The Office for Fair Access closed at the end of 31 March 2018 and responsibility for higher education access regulation transferred to the Office for Students

Assessing your performance on access, student success and progression

How to assess your own performance

Your access agreement must include a brief assessment of your performance across the student lifecycle, and should cover access, student success, and progression. This is a key part of the strategic approach that we want to see, and will help you to determine:

Five steps to tell us about your performance in your access agreement

Five steps: choose your measures, assess in absolute terms, adjust relative to performance, include info from monitoring and evaluation, provide evidence of impact

Step 1: Choose your measures

You should base your assessment on your own understanding of the measures and indicators that most accurately reflect your access, student success and progression performance. You may also wish to consider the proportion of students at your institution in receipt of full state support and your own measures of under-representation that may be reflected in your targets.

We recognise that there is no single ideal measure or indicator of performance and that you will want to take a balanced view of the information available to you.

However, you must base your assessment around broad categories of under-representation, e.g. measures around low participation neighbourhoods, socio-economic background, school type and performance, and national and institutional data on student success.

We encourage you to make use of your own data, as well as the wealth of data available in the sector, to help you shape and refine your strategy for access, student success and progression

In its End of Cycle Report 2016 UCAS highlighted the importance of considering multiple equality characteristics in order to gain a more in-depth understanding of under-representation and disadvantage in higher education.

To ensure you are targeting your activities across the student lifecycle at the students with the most need, we strongly encourage you to examine multiple characteristics of disadvantage in order to get a better understanding of under-representation and disadvantage and associated differential outcomes.

The Social Mobility Advisory Group recommends in Working in partnership: enabling social mobility in higher education (2016) that a basket of indicators, shared across the sector, should be used to measure disadvantage in applicants and students using both population-based and individual indicators.

Further education colleges may find it useful to refer to the Association of Colleges’ and Action on Access’ briefing on widening participation measures and indicators.

Step 2: Assess in absolute terms

You should first assess your access performance in absolute terms according to the proportion of students from under-represented groups that you recruit. This should include:

Step 3: Adjust relative to performance

Once you have determined roughly where you sit on these measures, you might adjust your position with reference to your relative performance. For example, relative performance could include whether you are significantly above or below the HESA benchmarks in relevant indicators.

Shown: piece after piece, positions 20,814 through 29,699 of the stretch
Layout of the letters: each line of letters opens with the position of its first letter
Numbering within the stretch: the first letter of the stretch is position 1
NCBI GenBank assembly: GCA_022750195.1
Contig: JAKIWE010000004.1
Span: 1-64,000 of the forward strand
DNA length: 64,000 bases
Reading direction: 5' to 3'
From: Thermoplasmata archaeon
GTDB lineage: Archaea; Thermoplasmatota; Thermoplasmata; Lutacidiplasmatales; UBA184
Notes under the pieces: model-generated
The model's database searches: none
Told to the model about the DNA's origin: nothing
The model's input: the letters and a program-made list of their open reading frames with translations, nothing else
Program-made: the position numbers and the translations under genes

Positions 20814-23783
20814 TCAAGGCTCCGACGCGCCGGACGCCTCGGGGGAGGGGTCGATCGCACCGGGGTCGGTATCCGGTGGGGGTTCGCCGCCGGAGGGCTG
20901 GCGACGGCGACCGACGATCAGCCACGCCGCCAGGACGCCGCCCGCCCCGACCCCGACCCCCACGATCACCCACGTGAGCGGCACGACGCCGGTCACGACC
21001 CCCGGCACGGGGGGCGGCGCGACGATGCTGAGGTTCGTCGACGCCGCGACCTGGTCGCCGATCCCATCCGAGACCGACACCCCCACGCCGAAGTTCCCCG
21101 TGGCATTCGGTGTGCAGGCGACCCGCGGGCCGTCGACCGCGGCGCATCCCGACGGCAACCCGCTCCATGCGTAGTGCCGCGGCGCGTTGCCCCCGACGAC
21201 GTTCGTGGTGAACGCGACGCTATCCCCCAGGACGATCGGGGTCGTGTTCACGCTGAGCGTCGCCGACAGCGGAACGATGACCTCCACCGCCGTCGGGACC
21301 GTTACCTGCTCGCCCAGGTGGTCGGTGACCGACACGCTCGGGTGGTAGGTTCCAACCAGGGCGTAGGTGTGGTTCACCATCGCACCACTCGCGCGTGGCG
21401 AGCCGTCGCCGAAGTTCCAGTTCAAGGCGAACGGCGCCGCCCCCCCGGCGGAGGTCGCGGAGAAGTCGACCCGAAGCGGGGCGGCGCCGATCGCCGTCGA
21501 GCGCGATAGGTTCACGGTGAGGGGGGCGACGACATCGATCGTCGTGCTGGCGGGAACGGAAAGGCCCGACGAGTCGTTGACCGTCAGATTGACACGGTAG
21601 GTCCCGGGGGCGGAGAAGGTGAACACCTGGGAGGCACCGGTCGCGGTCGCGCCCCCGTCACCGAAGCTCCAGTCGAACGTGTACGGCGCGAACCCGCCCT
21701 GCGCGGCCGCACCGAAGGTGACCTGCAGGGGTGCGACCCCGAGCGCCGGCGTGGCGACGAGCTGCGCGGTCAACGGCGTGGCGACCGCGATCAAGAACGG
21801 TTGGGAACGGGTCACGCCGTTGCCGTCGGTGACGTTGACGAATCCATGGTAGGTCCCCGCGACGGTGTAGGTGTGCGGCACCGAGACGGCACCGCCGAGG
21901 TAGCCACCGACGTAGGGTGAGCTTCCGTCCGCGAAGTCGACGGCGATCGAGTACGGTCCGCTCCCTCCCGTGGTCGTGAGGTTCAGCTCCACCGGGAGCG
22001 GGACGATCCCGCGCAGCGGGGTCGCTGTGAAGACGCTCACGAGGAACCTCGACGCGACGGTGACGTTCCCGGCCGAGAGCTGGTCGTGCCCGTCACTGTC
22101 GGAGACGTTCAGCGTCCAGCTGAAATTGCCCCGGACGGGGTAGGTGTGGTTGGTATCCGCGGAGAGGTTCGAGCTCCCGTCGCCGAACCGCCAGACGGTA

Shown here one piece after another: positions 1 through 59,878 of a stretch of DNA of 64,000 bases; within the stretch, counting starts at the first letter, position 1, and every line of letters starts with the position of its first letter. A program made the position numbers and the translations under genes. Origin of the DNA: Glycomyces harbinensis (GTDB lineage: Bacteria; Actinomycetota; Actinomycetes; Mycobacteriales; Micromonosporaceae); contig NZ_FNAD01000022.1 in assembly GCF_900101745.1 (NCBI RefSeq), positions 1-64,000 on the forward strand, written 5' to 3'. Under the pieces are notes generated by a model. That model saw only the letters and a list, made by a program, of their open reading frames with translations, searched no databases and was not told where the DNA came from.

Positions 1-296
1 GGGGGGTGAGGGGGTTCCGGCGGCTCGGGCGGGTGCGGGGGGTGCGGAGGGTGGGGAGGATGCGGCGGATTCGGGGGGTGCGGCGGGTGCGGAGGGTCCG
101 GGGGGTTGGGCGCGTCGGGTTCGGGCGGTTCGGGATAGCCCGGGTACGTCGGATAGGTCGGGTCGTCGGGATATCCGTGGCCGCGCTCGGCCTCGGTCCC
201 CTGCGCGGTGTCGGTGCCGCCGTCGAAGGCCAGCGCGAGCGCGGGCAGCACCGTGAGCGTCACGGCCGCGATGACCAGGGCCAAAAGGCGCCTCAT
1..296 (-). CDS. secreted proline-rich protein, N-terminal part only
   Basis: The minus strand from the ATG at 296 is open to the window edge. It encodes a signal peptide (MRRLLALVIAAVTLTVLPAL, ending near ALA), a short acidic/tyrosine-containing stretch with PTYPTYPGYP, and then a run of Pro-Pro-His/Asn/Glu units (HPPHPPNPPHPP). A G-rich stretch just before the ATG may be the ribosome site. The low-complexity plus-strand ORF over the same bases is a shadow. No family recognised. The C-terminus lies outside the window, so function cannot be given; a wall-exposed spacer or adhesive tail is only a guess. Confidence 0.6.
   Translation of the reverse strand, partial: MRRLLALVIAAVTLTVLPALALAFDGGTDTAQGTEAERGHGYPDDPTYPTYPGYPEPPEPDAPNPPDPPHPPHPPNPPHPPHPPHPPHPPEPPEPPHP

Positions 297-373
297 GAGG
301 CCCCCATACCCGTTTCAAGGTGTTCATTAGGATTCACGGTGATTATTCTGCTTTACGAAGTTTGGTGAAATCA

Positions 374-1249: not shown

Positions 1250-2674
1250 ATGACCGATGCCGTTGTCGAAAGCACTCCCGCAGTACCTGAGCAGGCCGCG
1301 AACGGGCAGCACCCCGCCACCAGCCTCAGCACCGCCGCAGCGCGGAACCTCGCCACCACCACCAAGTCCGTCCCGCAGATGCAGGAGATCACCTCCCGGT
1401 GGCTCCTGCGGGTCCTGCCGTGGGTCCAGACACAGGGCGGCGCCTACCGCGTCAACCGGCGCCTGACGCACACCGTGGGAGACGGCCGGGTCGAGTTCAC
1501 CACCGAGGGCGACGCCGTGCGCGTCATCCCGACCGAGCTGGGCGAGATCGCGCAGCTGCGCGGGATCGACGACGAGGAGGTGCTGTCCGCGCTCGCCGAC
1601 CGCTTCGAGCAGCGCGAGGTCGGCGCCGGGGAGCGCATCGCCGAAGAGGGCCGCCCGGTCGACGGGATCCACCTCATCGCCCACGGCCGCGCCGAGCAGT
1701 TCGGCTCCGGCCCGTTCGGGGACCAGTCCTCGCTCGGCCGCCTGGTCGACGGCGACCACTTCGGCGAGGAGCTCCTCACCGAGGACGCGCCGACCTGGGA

To help us evaluate your access agreement, alongside your own assessment, we will consider your performance against the range of HESA’s WP and student retention performance indicators and benchmarks, and the proportion of lower income students you already attract. If you feel this approach is not applicable to your institution, please contact us to discuss your circumstances as early as possible.

Step 4: Include information from monitoring and evaluation

You will also need to include information you have collected through monitoring and evaluating your previous access activities.

Step 5: Provide evidence of impact

Where appropriate, please provide evidence of the impact your activities have had on your overall performance.

How we assess your performance

When we are considering your access agreement for approval, and during our annual monitoring of access agreement activity, we focus on outcomes rather than inputs: in other words, we want to see evidence of how your work is improving access, student success and progression, not just data on how much you are spending or how many schemes you are running.

As part of this, we will consider your progress against the targets you have set yourself. We will normally consider trends rather than single data points. We will also always take your collaborative efforts into account when assessing your progress in achieving the targets you have set yourself.

Related guidance

Setting your access agreement strategy

Evaluating your activities and expenditure

What happens if you do not make progress on access, success and/or progression

For more detailed information about how we monitor access agreement activity every year see our latest annual monitoring guidance.


Page last updated: 9 February 2017